Tuesday, 4 April 2017

The Foundational Economy

Column published in Llanelli Herald on March 17th 2017

Karel Williams grew up in Goring Road in Llanelli. He is now a Professor at Manchester Business School, and he has come up with some interesting ideas about how we can breathe life back into towns like Llanelli which have been left behind after the heavy industry that inspired their creation has gone.

Rather than chase after big foreign investment, look after what you’ve got on your doorstep, he’s argued. The mundane, unglamorous everyday stuff - what he’s called the ‘Foundational Economy’: the industries and businesses that are there because people are there. The food we eat, the homes we live in, the energy we use and the care we receive.

This isn’t a small part of our economy. It accounts for four in ten jobs, and £1 in every three that we spend.

Our focus has been on so-called ‘anchor companies’ employing more than 1,000 people in one place, but more than 3,000 people are employed in making sofas across Wales and they do not feature in any economic strategy.

We’ve looked the other way as local producers have been crowded out of the market by foreign owned subsidiaries - who often pressure Welsh suppliers to drop their prices and ship the profits overseas.

This needs to change.

If we get it right, the Foundational Economy approach offers the chance to reverse the deterioration of employment conditions, stop the leakage of money from our communities and reduce the environmental cost of extended supply chains.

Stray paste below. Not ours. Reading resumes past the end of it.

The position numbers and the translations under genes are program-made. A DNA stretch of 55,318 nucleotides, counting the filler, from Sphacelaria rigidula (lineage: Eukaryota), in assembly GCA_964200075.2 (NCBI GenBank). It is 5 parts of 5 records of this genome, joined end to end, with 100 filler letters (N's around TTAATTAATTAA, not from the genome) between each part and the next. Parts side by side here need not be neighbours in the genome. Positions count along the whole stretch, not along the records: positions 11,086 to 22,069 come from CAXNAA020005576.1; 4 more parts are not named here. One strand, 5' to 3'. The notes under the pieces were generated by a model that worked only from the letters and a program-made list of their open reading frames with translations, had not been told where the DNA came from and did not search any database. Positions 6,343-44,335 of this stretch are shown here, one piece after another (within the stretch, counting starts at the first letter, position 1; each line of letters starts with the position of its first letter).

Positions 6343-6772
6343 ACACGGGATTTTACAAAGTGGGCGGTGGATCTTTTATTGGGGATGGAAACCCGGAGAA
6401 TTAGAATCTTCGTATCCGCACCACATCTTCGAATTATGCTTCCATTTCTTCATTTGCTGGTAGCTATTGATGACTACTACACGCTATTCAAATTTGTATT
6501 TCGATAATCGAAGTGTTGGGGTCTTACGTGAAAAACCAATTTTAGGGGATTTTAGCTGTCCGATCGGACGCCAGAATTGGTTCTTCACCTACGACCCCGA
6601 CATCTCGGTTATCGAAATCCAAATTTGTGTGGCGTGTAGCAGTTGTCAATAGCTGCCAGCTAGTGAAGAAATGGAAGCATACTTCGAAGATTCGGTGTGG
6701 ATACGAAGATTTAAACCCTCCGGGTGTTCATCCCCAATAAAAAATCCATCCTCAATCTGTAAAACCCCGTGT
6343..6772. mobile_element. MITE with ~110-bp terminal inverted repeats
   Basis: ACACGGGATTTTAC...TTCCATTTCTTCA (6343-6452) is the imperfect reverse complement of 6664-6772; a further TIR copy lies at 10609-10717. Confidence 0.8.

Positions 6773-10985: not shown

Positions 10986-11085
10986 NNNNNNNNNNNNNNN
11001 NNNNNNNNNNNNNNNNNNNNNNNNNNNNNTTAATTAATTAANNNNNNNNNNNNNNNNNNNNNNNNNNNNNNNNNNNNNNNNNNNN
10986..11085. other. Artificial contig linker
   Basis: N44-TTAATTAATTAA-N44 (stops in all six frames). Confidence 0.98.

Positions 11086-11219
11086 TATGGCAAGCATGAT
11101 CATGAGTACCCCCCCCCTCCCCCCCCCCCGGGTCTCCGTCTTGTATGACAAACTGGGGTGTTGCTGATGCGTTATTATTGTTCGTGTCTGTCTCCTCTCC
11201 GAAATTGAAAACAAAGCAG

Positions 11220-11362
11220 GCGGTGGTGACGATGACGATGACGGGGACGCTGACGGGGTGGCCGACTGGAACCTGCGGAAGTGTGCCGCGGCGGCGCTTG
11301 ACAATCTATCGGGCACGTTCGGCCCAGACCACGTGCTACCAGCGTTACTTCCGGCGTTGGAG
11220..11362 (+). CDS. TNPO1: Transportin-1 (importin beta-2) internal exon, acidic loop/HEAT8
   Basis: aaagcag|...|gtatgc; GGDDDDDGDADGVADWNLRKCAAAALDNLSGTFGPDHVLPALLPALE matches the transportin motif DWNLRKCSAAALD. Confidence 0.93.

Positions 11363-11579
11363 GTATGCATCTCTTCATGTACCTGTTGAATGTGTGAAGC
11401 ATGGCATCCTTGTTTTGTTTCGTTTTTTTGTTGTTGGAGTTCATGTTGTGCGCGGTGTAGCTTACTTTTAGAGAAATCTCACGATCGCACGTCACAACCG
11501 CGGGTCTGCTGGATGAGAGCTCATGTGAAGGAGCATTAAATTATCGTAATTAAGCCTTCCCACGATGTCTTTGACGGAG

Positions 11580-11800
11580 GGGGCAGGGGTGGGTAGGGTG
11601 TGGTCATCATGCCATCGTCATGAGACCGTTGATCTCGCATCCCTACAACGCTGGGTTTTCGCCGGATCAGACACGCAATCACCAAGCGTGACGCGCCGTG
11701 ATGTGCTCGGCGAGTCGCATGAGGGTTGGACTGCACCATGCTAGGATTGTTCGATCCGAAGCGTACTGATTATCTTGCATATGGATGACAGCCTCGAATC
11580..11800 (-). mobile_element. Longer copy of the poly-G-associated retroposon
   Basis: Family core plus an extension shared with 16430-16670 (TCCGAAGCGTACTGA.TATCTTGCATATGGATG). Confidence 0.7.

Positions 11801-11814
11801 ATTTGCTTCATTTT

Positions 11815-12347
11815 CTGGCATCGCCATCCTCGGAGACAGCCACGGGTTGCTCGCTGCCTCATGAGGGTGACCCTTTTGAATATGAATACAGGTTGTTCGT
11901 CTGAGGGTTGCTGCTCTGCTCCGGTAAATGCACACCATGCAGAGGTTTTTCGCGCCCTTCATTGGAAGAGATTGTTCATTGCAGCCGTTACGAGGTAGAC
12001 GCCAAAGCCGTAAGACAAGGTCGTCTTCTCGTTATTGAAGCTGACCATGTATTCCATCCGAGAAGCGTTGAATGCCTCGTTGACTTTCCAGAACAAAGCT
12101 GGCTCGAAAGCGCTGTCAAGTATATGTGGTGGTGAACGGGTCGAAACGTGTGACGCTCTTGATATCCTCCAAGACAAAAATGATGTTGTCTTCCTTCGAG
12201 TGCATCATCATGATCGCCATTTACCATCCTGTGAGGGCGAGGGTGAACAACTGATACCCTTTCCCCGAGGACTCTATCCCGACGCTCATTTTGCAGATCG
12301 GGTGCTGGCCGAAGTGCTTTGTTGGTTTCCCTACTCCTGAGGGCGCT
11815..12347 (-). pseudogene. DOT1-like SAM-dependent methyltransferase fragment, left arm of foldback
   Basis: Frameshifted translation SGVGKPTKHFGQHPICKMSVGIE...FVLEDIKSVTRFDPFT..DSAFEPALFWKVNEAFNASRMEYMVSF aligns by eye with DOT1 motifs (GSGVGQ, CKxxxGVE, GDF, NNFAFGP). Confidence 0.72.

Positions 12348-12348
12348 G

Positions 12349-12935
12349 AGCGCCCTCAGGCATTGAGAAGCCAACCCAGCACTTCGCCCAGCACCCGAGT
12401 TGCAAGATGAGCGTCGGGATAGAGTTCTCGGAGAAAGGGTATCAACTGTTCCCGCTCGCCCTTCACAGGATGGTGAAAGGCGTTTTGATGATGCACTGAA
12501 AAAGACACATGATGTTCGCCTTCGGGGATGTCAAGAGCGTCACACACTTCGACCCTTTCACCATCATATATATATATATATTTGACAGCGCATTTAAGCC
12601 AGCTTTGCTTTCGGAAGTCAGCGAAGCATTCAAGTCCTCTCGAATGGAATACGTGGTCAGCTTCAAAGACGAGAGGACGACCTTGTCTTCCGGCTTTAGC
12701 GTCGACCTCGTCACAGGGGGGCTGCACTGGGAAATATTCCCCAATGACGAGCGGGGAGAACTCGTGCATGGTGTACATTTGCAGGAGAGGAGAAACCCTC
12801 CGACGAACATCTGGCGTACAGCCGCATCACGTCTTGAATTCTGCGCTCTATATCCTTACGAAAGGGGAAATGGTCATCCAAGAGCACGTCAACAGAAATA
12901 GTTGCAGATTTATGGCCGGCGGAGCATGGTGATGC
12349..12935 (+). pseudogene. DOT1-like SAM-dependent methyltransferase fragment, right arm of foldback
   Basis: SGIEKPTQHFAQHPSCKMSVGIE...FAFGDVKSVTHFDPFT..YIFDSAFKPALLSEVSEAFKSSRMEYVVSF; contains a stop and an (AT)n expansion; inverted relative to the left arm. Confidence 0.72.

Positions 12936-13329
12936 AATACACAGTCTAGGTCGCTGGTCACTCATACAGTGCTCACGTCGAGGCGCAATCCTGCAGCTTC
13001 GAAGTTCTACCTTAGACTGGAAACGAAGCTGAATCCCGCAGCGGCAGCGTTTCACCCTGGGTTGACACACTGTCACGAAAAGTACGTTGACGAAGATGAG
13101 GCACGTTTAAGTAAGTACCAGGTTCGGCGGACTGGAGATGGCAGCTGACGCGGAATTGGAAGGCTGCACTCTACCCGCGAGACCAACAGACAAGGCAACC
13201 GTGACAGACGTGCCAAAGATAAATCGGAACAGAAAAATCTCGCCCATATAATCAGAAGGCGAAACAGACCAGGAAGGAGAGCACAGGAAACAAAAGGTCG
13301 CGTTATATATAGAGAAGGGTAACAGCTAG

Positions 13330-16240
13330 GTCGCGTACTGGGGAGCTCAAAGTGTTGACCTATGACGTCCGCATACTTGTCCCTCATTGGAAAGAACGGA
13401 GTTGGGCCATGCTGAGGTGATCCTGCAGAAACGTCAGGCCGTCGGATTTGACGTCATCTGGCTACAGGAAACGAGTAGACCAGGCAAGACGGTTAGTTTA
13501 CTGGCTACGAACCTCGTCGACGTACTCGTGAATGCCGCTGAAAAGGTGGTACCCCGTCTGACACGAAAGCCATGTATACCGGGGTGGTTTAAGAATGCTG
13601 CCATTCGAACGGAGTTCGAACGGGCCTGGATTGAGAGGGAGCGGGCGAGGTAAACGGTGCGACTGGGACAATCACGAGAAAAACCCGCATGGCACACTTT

There are big hurdles that stand in our way, but they can be overcome.  As a start local businesses need help to bid and deliver public sector contracts, and we’ll need to invest in higher skilled staff in local government with specialist procurement skills to direct more of the £5.5 Billion the public sector in Wales spends every year to local firms.

This week in the Senedd I joined up with a group of new Labour AMs to persuade the Welsh Government to focus on the Foundational Economy in the new economic strategy for Wales that they are developing.  I was very pleased that the Cabinet Secretary, Ken Skates, agreed and said it will form a central part of the Government’s plans.

Having been at the vanguard of the Industrial Revolution Llanelli could well be inspiration for an idea that helps us cope with the impacts of de-industrisation. And if we pull it off there’ll be a blue plaque to be erected in Goring Road.

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